Can Colorado Compel Speech From Christian Businesses? SCOTUS Set to Consider Question Yet Again

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The Supreme Court is set to hear a second high-profile case involving Christian business owners who do not want their speech to be compelled by Colorado anti-discrimination laws.

Last week, the high court granted writ of certiorari in the case 303 Creative LLC v. Elenis and is set to consider whether Colorado’s Anti-Discrimination Act compels owner Lorie Smith’s speech by forcing her to design websites for same-sex couples despite her desire to only take on business that corresponds with her biblical views on marriage.

Smith is the owner of 303 Creative, a web design firm that specializes in wedding websites.

She is being represented by the religious freedom law firm Alliance Defending Freedom, which notes that despite an appeals court agreeing that she had the right to deny service to same-sex couples on the grounds of her religious beliefs, that Colorado’s anti-discrimination laws trumped her First Amendment rights nonetheless.

The 10th Circuit struck down her case 2-1 last year.

“Like countless other artists, Lorie Smith serves all people. The 10th Circuit agreed,” ADF General Counsel Kristen Waggoner told reporters in a press call last week, as Town Hall reports.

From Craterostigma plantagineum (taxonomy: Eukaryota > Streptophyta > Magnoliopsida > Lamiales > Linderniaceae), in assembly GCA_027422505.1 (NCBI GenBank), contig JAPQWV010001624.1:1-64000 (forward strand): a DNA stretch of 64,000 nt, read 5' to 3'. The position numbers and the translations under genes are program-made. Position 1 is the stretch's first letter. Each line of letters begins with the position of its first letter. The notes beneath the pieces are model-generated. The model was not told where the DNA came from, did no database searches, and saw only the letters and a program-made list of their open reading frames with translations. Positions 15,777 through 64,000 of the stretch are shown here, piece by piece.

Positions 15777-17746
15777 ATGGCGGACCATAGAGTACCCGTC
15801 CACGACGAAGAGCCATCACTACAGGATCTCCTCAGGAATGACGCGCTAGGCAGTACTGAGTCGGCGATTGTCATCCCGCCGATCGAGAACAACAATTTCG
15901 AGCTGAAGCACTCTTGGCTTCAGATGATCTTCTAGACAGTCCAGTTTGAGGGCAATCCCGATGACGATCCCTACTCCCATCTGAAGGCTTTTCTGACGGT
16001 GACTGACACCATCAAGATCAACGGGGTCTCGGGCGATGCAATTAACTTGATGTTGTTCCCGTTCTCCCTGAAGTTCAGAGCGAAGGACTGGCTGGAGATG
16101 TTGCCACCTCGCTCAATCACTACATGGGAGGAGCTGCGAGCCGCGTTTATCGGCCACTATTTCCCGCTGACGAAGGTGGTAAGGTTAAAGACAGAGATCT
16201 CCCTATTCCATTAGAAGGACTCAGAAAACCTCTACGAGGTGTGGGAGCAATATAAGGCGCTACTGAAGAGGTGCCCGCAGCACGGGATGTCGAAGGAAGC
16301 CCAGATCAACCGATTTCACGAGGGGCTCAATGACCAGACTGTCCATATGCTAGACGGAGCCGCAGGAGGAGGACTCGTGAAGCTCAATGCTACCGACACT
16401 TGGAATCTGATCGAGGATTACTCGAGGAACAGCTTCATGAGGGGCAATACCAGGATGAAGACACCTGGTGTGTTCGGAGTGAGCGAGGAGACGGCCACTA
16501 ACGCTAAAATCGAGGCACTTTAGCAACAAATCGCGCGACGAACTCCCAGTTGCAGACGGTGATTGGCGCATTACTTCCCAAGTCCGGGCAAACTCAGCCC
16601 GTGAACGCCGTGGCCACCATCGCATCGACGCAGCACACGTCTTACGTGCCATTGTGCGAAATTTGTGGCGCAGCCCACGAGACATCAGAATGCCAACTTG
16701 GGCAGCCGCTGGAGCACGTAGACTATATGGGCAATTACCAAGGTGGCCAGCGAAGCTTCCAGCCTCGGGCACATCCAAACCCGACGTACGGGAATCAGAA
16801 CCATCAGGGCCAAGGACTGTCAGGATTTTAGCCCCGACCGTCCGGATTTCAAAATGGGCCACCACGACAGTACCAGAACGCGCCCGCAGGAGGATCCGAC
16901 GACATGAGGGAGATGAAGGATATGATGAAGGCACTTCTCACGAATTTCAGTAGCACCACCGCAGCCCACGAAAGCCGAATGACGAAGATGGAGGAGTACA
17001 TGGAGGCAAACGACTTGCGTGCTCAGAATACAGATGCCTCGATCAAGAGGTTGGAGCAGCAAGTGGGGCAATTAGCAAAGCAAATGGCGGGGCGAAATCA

“Lorie’s website designs are also speech protected under the First Amendment. The 10th Circuit agreed with that too. And Lorie chooses whether to create websites based on their content, not the people asking for those websites. The 10th Circuit agreed here as well,” she continued.

“But despite all that, the majority determined that Colorado’s law trumps artists’ First Amendment rights: that they can actually be compelled to create art that communicates ideas contrary to their convictions and then be compelled to publish those ideas on the web for all to see,” Waggoner explained.

“Colorado says Lorie can be made to do all these things while being forced to put her company’s name – and its seal of approval – on speech that promotes ideas that violate her conscience.”

Smith’s case is highly reminiscent of fellow Colorado Christian business owner, Jack Phillips, who has faced two lengthy court battles over his decision to politely decline to bake cakes for events he disagrees with.

In 2018, the Supreme Court determined that Colorado’s human rights tribunal had unfairly discriminated against him when it punished him for declining to bake a cake for a same-sex wedding.

Like Smith, Phillips gladly serves all customers regardless of sexual orientation, but does not wish to provide his culinary artistry to promote messages he disagrees with due to his devout faith. He won’t bake cakes for Halloween, either, and is currently locked in a second court battle after declining to bake a cake to celebrate a gender transition.

As noted by Chief Justice John Roberts at the time, the Supreme Court decision did not settle the pressing question as to whether or not business owners like Phillips and Smith have a right to decline to use their creative products to promote messages they disagree with; this is a question the justices have noted for years must eventually be settled once and for all.

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